December 14, 2015 — A federal judge in Pennsylvania on Thursday ruled that an antiabortion-rights organization called Real Alternatives cannot claim an accommodation to federal contraceptive coverage rules because it does hold itself out as religious or have a religious affiliation, the Philadelphia Inquirer reports (Mondics, Philadelphia Inquirer, 12/12).
Background on Contraceptive Coverage Rules
The contraceptive coverage rules, which are being implemented under the Affordable Care Act (PL 111-148), require most employers to offer contraceptive coverage to their workers. Houses of worship are exempt from the requirement, and not-for-profits that hold themselves out as religious, as well as certain closely held corporations, are eligible for an accommodation that ensures they do not have to pay for or directly provide the coverage for their employees. Instead, employees will be able to receive coverage directly from their insurers.
To claim the accommodation, the not-for-profits may either complete a form to send to the insurers or third-party administrators or send a letter to HHS stating that they object to offering contraceptive coverage in their health plans (Women's Health Policy Report, 11/9).
Real Alternatives is a not-for-profit that operates in Indiana, Pennsylvania and Michigan. Service providers -- including 14 "pregnancy support centers" and one social service provider -- working with the organization are prohibited from affiliating with entities that offer abortion services or support abortion rights. Further, service providers are not allowed to use Real Alternatives' "abortion alternative" funding to endorse birth control (Women's Health Policy Report, 10/14).
Real Alternatives' three full-time employees all receive health coverage through the organization, which also covers their families. From 2008 to 2014, the organization was able to exclude contraceptive coverage from its health insurance plan because the plan was grandfathered for several years after the ACA took effect. However, the insurer discontinued the plan, and after 2014, Real Alternatives could not purchase a plan that did not cover contraception (Wenner, PennLive, 12/11).
In January, Real Alternatives filed a lawsuit against HHS, arguing that it should also be able to claim the accommodation offered to organizations that hold themselves out as religious and oppose contraception. The lawsuit said refusing Real Alternatives' request for the accommodation, while granting the accommodation to organizations that hold themselves out as religious and oppose contraception, violated the Fifth Amendment's due process clause.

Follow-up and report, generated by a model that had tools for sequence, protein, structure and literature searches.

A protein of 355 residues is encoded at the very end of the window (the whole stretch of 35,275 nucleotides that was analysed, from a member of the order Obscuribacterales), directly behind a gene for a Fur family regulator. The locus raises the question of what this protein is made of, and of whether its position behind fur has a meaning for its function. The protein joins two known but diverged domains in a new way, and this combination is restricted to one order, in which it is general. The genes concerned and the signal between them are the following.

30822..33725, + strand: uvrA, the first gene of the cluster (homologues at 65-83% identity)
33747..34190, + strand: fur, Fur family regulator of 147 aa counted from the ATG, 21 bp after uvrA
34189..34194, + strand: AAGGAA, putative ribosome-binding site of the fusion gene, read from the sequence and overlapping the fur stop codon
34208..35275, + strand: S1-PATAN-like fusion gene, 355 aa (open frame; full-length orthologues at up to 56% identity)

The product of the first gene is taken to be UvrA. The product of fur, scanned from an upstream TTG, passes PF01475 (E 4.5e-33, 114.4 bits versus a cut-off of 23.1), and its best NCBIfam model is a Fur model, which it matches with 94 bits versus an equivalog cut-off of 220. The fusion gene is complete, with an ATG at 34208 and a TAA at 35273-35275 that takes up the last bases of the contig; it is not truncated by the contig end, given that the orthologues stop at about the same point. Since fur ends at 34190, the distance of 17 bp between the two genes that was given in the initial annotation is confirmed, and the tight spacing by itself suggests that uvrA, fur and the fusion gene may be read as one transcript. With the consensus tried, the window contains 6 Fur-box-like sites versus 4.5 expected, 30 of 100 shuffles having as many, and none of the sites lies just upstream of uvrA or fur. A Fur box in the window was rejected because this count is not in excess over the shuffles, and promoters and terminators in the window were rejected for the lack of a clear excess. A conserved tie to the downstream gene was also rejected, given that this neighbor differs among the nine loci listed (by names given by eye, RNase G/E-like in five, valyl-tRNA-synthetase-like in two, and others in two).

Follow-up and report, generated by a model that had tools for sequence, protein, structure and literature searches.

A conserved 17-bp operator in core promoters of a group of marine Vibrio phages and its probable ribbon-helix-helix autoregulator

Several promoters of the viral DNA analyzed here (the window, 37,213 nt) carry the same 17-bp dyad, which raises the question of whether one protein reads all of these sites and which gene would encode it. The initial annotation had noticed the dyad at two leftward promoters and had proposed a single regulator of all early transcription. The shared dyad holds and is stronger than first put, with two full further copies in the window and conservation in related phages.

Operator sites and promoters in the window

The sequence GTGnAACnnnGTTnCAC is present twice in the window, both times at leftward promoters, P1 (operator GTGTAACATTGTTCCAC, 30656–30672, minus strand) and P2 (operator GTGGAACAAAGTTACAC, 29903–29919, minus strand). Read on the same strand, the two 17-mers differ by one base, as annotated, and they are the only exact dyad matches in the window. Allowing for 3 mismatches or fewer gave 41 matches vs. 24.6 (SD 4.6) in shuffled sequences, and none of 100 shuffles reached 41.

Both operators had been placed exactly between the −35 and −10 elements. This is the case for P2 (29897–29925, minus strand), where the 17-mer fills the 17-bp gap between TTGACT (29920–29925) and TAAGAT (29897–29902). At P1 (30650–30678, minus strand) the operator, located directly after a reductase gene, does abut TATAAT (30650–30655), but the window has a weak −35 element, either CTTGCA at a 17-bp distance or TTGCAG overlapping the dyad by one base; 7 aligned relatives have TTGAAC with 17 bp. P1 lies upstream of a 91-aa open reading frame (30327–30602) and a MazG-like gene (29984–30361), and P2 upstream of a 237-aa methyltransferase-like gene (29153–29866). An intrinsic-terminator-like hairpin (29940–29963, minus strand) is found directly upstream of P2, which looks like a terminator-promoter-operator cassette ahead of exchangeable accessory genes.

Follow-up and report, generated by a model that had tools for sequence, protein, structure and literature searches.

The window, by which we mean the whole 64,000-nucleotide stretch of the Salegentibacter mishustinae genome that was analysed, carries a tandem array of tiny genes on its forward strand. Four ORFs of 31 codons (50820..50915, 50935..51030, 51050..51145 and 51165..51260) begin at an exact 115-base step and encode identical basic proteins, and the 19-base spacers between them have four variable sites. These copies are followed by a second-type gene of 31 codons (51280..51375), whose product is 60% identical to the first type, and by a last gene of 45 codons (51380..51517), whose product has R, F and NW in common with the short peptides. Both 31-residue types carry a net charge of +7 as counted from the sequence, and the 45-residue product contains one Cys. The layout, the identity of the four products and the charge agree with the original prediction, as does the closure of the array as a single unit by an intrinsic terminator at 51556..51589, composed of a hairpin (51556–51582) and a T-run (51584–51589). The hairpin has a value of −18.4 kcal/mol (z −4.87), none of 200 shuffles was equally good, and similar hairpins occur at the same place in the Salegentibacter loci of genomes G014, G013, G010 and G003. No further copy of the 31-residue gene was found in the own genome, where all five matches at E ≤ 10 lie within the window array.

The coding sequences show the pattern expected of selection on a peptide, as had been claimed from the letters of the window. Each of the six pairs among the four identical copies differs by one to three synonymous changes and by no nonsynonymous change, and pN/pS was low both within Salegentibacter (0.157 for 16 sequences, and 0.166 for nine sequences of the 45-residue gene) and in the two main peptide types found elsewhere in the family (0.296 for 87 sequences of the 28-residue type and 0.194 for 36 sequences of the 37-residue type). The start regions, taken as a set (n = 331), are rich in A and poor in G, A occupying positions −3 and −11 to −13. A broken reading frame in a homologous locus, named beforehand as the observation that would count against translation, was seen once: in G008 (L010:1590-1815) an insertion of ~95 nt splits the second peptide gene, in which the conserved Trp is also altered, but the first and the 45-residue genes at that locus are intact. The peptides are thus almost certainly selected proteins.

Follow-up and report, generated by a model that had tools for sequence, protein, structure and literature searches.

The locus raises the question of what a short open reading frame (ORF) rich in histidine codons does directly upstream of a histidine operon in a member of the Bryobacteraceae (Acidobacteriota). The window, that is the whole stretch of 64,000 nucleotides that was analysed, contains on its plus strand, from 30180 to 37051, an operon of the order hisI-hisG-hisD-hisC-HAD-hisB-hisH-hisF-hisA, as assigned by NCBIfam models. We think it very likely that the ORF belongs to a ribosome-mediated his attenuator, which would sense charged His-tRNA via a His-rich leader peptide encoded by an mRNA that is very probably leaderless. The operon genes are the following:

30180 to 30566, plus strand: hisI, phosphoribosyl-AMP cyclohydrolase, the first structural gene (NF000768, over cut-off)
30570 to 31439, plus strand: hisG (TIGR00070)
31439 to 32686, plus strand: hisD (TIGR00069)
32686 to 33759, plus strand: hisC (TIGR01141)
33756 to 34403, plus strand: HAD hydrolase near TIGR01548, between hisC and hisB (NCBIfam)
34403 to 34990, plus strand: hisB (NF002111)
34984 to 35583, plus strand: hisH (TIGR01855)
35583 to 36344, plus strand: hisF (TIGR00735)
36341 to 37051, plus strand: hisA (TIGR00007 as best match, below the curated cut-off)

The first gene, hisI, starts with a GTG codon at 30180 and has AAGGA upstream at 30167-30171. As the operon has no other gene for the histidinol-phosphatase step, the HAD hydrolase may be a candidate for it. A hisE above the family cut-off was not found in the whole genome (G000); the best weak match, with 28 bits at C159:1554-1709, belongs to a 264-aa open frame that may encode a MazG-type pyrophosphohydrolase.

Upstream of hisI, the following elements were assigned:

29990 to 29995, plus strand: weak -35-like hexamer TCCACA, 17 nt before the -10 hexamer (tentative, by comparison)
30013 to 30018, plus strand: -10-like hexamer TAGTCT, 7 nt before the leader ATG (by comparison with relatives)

Details of Ruling
U.S. District Court Judge John Jones III dismissed the suit brought by Real Alternatives, arguing that it cannot claim an accommodation to the contraceptive coverage rules because the organization's argument is based on moral, rather than religious, objections. "A vast history of legislative protections exists to safeguard religious freedom," Jones wrote in his decision, adding, "Moral philosophies, however, have been historically unable to enjoy the same privileged state. Real Alternatives does not hold itself out as a religious entity, is not incorporated as such, and has not adopted any religious views or positions."
Jones said HHS regulations that provide an accommodation for groups that hold themselves out as religious specifically point to their religious affiliation, meaning that Real Alternatives could not claim unfair treatment. For the same reason, Jones said Real Alternatives could not claim a violation of due process or the federal Administrative Procedure Act (Philadelphia Inquirer, 12/12).
Jones also dismissed an argument by Real Alternatives that the government has no need to require people to obtain benefits they do not want, writing, "Time and again, courts have found a government interest to be compelling even when it does not achieve a benefit for each and every member of the population. Not every person who pays into social security receives or desires its benefits. Not every person who pays taxes receives unemployment benefits, welfare, or a myriad of other services offered by the government through citizens' tax money."
In addition, Jones also touched on how members of a family might disagree about contraceptive coverage when the family is covered through a single employee health plan. He said if families were permitted to opt out of contraceptive coverage based on their religious beliefs, "the collective decision could create untold tension and family strife should disagreement over contraceptive coverage arise, which is more likely now that children up to the age of twenty-six may be covered by their parents' plans" (PennLive, 12/11).